Not all sexism is equal
March 17, 2014 by Thomas Wictor
I had a friend I called “Lola” in Ghosts and Ballyhoo. She was a brilliant musician, an incredible athlete, had a great sense of humor, and could draw anything. Now that Mom and Dad are gone, I can admit that when I was eighteen in Stavanger, Norway, Lola used to sneak over at night and visit.
My bedroom was downstairs. I’d leave the back door unlocked, and she’d materialize like a genie out of the darkness. Two years younger than me, she was an uninhibited sexpot who schooled me thoroughly.
This is important only because when I met up with her over a decade later in San Francisco, she’d changed. At the time I was at my peak as a bassist. One day I invited Lola over and played her a video that contained this Billy Sheehan TV advertisement for Yamaha. It was shown only in Japan.
Sheehan had his own two-handed tapping technique that sounded nothing at all like that of all the others who did it. He tapped octaves instead of single notes. Since Lola was always looking for ways to improve her musicianship, I thought she’d love that commercial.
“Isn’t that great?” I asked her.
She glared at me. “I don’t see what’s so great about using women’s bodies to sell products,” she snapped.
I honestly didn’t know what she was talking about. What she meant was the one-and-a-half seconds of female dancers’ torsos shown in that twenty-eight-second spot. The sheer artistry of the commercial hadn’t made an impression on her. Not Sheehan’s impeccable delivery of his line, the editing, the set, and of course the spectacular music. All she saw was sexism.
Well, I didn’t point out that Sheehan’s own body was being used to sell a product. That big hair; the torn jeans; his skinny, spread legs… He was meant to appeal to both men and women. For a long time Sheehan’s sex appeal was almost as important as his playing. That’s him on the left.
The only thing I ever cared about was music, so it always floored me when women got hung up on the objectification of the female form. Not all sexism is equal. That Billy Sheehan Yamaha TV spot can’t compare to the infamous Hamer magazine ad from 1996.
Here’s what that annoying blue copy says.
Remember your first true love? Remember how the curve of the back of her neck fit your hand? How she whispered in your ear? It was like a beautiful new language that nobody but you and God could understand.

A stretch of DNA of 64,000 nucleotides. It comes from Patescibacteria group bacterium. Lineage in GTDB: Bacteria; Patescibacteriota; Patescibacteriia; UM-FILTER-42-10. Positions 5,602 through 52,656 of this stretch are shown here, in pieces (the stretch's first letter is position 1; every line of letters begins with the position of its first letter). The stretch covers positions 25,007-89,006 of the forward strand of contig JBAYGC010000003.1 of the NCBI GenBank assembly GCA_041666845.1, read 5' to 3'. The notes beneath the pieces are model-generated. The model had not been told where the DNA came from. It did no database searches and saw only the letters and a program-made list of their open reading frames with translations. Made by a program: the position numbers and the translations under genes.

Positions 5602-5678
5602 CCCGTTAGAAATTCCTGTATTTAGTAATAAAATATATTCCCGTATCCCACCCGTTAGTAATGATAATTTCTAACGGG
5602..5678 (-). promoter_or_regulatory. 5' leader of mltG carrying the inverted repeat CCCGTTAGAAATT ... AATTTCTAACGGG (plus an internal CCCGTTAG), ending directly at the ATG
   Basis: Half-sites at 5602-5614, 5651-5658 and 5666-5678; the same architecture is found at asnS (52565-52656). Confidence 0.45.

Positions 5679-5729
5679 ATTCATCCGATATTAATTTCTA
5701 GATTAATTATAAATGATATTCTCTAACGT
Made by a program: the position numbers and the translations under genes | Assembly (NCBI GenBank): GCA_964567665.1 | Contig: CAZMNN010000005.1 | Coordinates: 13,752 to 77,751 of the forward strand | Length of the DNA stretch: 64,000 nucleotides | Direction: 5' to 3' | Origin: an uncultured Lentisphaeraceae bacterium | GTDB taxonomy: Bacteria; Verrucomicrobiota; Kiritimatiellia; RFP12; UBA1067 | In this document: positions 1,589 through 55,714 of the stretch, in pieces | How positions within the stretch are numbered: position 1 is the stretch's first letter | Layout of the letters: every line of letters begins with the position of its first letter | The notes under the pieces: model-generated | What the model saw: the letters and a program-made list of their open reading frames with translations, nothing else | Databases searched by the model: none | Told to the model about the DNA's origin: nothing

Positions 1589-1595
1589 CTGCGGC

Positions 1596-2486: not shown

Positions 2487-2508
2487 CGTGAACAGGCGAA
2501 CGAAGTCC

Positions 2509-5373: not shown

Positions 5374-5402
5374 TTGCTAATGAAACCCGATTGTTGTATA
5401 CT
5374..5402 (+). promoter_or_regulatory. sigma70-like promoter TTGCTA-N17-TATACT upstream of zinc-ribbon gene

When that ad came out, I just thought it was stupid. It was an electric bass guitar, that’s all. A “language that nobody but you and God could understand”? It doesn’t even make sense. The ad is comparing a bass to a woman. Have any of us ever had a woman speak to us in a language only we and God could understand? How would you know God could understand? You’d have to have a direct line to the Almighty.
“Hey. It’s Tom. How’s it going? Cool. So how many people died today? Really? Wow. Anyway, check it out: Betsy said, ‘Scklamnata polpx abravnukto julkbe nog praseylt.‘ Is that hot or what?”
Women wrote angry letters to the editor about that Hamer ad. I can see their point, that naked women don’t have anything to do with bass guitars, but I also wondered if something else was going on.
When I knew Lola in Norway, she had no boundaries at all. Since I was a passive, scared, guilty, lapsed Catholic, she was the aggressor on every level and during every second that we romped in my basement dungeon. She rocked my world in ways I couldn’t even conceive. Twelve years later she was deeply concerned that I might not respect women.
I found it insulting that Lola would now view me as sexist. For one thing I was forever grateful that she’d been a sexpot who gifted me with incredible knowledge. What man would feel disdain for a beautiful South American who took it upon herself to share with him the finer things in life?
For another I never showed Lola the slightest disrespect, ever. I looked her up in San Francisco and rekindled our friendship. Carmen knew that Lola had been my nocturnal genie, and Lola knew that Carmen knew. The two of them got along fine. They were adult women who understood their roles.
And I never held it against Lola that she was two hours late to every single meeting we had. All I did was tell her to meet me two hours before the actual time we were supposed to get together. Those who are chronically late are playing a game. I don’t play games; the most important information my father imparted to me was, “Even if you think everything’s hopeless, there’s always a workaround.”
In This is Spinal Tap, the band is going to put out an album called Smell the Glove. The cover depicts a greased-up, naked woman on all fours, wearing a dog collar around her neck with a leash attached. A man holds the leash in one hand and pushes the other—clad in a black glove—into her face for her to sniff it. Without warning, the record company decides to not release the album because it’s sexist.
The band’s dimwitted lead guitarist Nigel Tufnel is confused. “Well, so what? What’s wrong with being sexy?”
Though an idiot, Nigel has a point. When this Calvin Klein ad featuring Brazilian pole vaulter Tomás Valdemar Hintnaus came out, I wasn’t offended.
Is it different for men? I don’t know.
But what I resent is being accused of sexism when I’m clearly not sexist. And just so Lola and everybody else knows, the term “sexist”—like “racist”—has lost almost all its meaning through overuse. Calling me a sexist didn’t shame me into not watching Billy Sheehan ads.
The only thing it did was make it easier for me to cut Lola out of my life.
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